Sudanese Prime Minister Abdalla Hamdok and Economic Commission for Africa (ECA) Executive Secretary Vera Songwe on Friday launched a new publication proposing actions to be taken to stem financial flow leaks illegal before they leave the African coast. The report notes that once these resources leave Africa, recovering them involves a complicated process requiring capacities often scarce in African countries. In addition, the speed and ease of losses beyond national borders easily cross the lines of defense of Africa’s national financial security. This trend, says the report, must be stopped.
The report, titled “The Institutional Architecture to Combat Illicit Financial Flows from Africa” was launched at a high-level roundtable hosted by UN Deputy Secretary-General Amina Mohammed on the theme, “Extractive industries as a driver of sustainable development: The case of Africa”.
The analysis draws on the efforts of the African Union, the Economic Commission for Africa, academia and civil society institutions to stem the illicit outflows of $ 50 billion per year, a conservative estimate. raised in the 2015 report of the High Level Panel on IFFs, chaired by President Thabo Mbeki. The loss, the report notes, accounts for three quarters of the health financing gap estimated at $ 66 billion per year for Africa to make significant progress on SDG 3, on good health and well-being. .
“Sudan welcomes the report and calls for collective action to promote good governance in our extractive sector. The sector is important and can greatly contribute to the mobilization of resources by countries to finance sustainable development on our continent, ”Prime Minister Hamdok said.
“Sudan is in a new phase of reorganization and the challenges of the extractive sector are not lost on the Transitional Government. I invite governments to consider the recommendations of this report, « he adds.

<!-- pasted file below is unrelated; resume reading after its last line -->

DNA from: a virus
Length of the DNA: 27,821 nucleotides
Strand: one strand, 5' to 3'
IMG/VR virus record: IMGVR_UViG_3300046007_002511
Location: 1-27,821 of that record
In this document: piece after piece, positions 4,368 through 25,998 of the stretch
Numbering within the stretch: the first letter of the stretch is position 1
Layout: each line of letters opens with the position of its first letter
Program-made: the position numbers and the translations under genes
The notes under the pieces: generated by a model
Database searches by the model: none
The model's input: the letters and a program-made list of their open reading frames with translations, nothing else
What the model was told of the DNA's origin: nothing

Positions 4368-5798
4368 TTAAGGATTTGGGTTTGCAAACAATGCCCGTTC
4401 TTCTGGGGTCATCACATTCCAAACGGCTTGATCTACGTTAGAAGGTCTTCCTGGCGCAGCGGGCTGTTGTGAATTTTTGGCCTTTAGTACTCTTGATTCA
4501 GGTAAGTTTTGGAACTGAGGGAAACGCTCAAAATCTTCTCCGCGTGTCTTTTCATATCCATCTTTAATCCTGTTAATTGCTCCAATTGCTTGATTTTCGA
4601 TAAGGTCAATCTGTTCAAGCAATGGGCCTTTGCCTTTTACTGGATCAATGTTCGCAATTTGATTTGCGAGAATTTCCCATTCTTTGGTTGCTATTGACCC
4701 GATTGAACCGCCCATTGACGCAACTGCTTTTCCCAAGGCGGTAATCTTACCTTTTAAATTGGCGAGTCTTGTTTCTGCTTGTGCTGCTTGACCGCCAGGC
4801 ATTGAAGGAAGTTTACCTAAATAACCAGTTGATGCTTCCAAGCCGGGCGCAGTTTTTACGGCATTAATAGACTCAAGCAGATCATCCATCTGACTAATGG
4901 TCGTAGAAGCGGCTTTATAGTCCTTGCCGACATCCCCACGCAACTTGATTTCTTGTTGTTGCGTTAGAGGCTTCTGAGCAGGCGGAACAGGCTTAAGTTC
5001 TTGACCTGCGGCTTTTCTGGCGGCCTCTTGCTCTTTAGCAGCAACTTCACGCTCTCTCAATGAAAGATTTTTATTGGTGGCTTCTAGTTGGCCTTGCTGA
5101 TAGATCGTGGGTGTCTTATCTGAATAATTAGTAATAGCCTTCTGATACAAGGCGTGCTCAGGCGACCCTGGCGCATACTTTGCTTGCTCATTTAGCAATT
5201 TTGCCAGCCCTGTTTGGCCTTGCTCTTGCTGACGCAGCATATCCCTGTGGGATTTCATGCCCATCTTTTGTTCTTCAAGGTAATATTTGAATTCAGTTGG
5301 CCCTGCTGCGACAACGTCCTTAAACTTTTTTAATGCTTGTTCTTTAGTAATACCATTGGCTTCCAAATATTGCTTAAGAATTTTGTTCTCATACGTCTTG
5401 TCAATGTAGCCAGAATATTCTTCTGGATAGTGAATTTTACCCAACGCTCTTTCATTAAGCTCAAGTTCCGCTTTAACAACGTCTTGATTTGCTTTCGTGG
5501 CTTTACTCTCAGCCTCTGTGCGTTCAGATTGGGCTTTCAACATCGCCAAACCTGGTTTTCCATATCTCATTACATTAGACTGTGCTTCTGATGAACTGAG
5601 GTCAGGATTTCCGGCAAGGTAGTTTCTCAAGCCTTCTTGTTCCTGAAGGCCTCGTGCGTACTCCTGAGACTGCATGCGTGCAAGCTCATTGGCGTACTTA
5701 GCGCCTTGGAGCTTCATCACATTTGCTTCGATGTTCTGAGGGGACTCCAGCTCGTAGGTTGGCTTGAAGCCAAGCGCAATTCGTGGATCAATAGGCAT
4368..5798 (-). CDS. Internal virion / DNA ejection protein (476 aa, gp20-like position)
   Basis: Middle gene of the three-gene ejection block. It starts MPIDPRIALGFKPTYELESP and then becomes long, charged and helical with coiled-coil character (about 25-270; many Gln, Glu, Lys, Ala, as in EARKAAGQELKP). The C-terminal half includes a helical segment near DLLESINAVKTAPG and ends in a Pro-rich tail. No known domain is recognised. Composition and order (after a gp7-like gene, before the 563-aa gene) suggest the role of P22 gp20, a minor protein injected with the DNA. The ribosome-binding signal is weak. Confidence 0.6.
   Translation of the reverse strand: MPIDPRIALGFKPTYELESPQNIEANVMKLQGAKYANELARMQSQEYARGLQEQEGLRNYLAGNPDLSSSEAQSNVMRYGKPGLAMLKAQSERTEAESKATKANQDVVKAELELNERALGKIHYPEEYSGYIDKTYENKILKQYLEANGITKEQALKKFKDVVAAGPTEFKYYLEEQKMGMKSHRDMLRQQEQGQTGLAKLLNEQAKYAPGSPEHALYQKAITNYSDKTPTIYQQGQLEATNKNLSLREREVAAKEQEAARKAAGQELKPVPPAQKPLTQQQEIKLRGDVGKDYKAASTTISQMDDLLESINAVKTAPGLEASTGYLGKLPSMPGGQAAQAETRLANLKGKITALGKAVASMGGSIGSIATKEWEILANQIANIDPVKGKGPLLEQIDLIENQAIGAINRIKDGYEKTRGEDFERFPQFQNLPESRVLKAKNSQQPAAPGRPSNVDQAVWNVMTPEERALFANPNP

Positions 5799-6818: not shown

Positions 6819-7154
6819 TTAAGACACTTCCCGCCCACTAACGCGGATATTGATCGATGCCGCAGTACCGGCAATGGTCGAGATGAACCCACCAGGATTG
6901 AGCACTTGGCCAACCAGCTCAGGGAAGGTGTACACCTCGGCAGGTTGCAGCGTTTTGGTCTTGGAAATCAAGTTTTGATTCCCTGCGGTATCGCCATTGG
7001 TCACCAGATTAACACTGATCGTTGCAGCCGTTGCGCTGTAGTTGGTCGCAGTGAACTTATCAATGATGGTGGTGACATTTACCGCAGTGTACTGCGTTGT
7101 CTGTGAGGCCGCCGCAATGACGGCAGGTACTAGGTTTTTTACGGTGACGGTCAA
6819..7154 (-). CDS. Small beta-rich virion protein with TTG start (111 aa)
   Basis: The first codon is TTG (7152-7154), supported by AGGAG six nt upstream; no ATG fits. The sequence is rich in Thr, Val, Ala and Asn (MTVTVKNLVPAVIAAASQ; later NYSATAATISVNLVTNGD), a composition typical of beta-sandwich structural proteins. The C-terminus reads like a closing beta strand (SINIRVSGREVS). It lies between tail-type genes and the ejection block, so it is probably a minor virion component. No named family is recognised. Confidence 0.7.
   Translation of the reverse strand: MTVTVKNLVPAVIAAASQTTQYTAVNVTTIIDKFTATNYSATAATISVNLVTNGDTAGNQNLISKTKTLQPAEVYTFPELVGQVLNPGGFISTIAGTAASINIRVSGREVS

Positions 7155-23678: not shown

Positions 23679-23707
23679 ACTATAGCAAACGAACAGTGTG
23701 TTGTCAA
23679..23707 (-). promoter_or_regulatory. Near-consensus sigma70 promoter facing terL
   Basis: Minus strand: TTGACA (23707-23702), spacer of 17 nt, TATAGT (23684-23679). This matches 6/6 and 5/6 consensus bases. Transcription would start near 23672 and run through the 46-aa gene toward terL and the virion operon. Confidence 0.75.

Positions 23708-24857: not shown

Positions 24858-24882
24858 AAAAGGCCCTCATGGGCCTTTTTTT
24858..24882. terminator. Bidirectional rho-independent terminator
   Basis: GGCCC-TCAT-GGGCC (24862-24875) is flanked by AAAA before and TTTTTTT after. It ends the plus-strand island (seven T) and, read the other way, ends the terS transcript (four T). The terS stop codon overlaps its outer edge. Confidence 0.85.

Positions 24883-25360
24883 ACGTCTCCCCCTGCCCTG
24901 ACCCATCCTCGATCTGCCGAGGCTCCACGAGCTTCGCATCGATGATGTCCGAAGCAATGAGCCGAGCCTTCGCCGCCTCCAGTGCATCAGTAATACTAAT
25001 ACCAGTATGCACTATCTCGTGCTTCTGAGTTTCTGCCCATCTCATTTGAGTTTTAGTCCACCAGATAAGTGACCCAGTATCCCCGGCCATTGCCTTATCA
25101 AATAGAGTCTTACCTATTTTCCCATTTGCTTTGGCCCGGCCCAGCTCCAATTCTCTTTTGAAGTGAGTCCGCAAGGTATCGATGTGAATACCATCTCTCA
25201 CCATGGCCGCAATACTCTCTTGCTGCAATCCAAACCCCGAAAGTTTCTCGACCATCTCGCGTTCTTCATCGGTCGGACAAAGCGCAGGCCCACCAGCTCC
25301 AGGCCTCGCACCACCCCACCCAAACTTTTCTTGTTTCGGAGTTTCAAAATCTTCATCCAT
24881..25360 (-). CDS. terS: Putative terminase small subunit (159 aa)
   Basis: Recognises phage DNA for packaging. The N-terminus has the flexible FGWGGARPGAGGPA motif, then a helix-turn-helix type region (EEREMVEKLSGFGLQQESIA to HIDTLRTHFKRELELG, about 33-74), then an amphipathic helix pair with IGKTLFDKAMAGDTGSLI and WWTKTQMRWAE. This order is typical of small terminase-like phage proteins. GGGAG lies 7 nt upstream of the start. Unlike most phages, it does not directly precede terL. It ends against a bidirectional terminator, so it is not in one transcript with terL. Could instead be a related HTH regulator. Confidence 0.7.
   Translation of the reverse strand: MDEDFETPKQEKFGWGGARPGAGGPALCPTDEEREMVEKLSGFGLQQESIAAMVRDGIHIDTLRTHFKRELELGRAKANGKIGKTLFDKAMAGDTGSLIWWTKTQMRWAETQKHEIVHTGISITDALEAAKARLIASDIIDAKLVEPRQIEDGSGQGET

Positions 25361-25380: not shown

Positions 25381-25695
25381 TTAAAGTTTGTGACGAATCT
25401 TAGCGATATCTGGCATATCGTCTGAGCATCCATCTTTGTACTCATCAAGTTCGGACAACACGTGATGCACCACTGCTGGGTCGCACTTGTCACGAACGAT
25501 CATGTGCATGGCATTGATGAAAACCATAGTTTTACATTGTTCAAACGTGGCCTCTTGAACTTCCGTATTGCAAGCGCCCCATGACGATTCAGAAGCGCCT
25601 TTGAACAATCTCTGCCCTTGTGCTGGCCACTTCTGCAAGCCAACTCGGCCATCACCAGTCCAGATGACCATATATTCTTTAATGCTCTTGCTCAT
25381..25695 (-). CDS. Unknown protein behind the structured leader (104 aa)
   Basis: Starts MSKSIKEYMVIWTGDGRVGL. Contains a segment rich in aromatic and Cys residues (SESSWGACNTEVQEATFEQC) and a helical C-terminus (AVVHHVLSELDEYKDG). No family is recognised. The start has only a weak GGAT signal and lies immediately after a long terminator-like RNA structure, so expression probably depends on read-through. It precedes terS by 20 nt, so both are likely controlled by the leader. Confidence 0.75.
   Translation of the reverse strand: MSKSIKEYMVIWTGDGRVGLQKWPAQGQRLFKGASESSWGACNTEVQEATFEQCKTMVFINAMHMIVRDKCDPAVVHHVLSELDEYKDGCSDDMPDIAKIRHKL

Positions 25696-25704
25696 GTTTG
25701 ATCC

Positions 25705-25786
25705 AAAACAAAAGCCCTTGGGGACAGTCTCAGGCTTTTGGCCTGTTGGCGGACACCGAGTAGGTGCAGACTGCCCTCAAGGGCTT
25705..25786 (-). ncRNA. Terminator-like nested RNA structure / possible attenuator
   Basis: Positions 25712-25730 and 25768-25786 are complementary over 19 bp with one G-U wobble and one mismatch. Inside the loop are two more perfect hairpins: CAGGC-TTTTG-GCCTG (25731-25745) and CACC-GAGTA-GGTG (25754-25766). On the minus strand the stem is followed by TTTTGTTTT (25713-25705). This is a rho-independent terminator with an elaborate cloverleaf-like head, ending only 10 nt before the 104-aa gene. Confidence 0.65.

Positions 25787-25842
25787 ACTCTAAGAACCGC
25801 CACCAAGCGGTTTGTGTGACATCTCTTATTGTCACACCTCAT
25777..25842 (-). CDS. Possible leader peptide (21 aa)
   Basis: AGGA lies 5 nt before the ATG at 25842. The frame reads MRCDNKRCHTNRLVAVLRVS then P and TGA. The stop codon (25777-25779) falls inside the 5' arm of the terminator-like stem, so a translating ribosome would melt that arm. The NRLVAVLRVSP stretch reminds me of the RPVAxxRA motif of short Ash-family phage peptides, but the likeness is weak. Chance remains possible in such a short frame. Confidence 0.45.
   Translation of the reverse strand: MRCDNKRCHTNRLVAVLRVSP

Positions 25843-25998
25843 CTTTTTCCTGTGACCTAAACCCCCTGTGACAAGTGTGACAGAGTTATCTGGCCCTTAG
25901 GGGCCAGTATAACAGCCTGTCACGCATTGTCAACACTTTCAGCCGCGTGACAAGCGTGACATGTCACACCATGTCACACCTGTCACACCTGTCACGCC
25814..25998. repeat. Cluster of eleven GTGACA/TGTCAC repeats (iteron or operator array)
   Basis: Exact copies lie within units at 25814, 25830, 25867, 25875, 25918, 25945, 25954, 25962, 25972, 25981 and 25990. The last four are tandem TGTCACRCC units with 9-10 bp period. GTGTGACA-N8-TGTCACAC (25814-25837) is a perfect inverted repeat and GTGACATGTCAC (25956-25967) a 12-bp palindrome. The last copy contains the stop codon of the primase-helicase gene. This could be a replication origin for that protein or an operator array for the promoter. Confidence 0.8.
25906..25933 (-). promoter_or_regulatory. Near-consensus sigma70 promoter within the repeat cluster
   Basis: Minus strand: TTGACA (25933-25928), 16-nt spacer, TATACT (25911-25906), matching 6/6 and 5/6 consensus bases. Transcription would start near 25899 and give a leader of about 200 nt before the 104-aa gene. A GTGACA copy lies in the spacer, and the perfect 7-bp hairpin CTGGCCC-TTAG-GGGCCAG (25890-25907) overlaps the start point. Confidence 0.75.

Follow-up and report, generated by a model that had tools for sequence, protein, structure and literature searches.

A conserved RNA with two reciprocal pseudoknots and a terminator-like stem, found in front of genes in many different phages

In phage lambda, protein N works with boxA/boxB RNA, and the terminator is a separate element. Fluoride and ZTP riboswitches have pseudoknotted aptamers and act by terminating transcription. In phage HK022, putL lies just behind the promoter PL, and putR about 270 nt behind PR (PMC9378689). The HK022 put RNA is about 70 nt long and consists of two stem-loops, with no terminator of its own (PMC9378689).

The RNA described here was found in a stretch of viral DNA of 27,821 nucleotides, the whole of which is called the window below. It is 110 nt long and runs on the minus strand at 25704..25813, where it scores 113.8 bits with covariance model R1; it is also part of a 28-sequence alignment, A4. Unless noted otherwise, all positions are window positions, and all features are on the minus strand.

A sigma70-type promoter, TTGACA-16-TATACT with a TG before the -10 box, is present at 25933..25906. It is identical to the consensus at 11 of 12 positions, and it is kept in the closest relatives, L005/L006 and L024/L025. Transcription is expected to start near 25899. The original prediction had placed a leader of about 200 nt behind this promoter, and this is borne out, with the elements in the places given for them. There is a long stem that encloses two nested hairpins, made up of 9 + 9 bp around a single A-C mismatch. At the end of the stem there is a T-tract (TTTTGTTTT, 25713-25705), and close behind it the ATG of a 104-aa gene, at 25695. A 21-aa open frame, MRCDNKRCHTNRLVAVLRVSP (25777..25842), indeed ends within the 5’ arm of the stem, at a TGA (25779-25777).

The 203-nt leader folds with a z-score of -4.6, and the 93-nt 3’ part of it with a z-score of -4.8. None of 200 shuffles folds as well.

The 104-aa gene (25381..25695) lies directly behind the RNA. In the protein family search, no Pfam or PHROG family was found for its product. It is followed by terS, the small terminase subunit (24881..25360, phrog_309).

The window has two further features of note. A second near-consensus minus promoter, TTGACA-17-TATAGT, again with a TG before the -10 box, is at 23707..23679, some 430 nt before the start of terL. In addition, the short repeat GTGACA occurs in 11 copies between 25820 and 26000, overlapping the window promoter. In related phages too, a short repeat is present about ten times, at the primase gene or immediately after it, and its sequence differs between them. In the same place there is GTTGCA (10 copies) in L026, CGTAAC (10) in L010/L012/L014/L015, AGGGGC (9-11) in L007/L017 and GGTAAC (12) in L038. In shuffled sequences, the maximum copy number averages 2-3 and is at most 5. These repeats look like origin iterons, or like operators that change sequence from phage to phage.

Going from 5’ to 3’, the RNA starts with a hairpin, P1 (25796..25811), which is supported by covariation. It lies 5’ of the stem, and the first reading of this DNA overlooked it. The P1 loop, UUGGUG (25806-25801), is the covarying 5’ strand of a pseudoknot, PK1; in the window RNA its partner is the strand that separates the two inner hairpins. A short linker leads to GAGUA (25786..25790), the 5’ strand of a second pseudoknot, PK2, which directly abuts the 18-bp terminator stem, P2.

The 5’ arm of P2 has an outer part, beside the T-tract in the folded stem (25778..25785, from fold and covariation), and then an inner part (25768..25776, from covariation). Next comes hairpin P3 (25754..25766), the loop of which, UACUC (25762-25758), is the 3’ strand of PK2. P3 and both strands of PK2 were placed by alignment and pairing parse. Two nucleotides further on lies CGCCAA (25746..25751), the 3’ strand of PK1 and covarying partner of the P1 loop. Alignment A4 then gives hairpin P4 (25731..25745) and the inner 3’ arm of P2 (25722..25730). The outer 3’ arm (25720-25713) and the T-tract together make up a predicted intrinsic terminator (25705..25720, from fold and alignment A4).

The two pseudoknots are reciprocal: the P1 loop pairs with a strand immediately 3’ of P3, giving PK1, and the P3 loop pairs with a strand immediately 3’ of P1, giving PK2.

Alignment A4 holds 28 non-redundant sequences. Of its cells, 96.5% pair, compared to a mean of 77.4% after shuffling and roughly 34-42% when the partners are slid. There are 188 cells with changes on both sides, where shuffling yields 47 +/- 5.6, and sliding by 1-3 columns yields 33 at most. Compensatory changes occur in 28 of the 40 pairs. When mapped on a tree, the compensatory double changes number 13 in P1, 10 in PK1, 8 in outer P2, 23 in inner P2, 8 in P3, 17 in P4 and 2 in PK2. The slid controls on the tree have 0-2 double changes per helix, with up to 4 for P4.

For her part, Ms. Songwe said that ECA was ready to continue working with member states to formulate policy recommendations that could help reduce Illicit Financial Flows in all their forms from the continent.
Ms. Mohammed says Africa’s extractive industries, if properly harnessed, can be a way to achieve the SDGs and the African Union’s Agenda 2063, the Africa We Want.
“The continent must ask itself – in a post COVID-19 world, how can extractive industries create clean and gender sensitive jobs; how can countries lead a green energy transition and use extractive industries to propel us towards a low emissions and resilient future… and enable good governance and benefit local communities, ”she emphasizes.
The high-level online roundtable was convened to discuss current and emerging trends in the extractive industries sector with a focus on Africa to determine how extractive industries can be a catalyst for sustainable development in line with the Goals. of sustainable development and the Paris Agreement on climate change.
The event attracted high-level participants, including the President of the African Union, Mr. Moussa Faki, ministers, experts from the private sector, academia and think tanks, representatives and organizations from society. civil.
Participants discussed emerging trends in the context of the COVID-19 pandemic and implications for the future of the industry; the fight against Illicit Financial Flows and how to further improve tax systems, governance and transparency in the sector; and the actions needed to align the extractive industries with the Sustainable Development Goals, in particular on gender and climate change.
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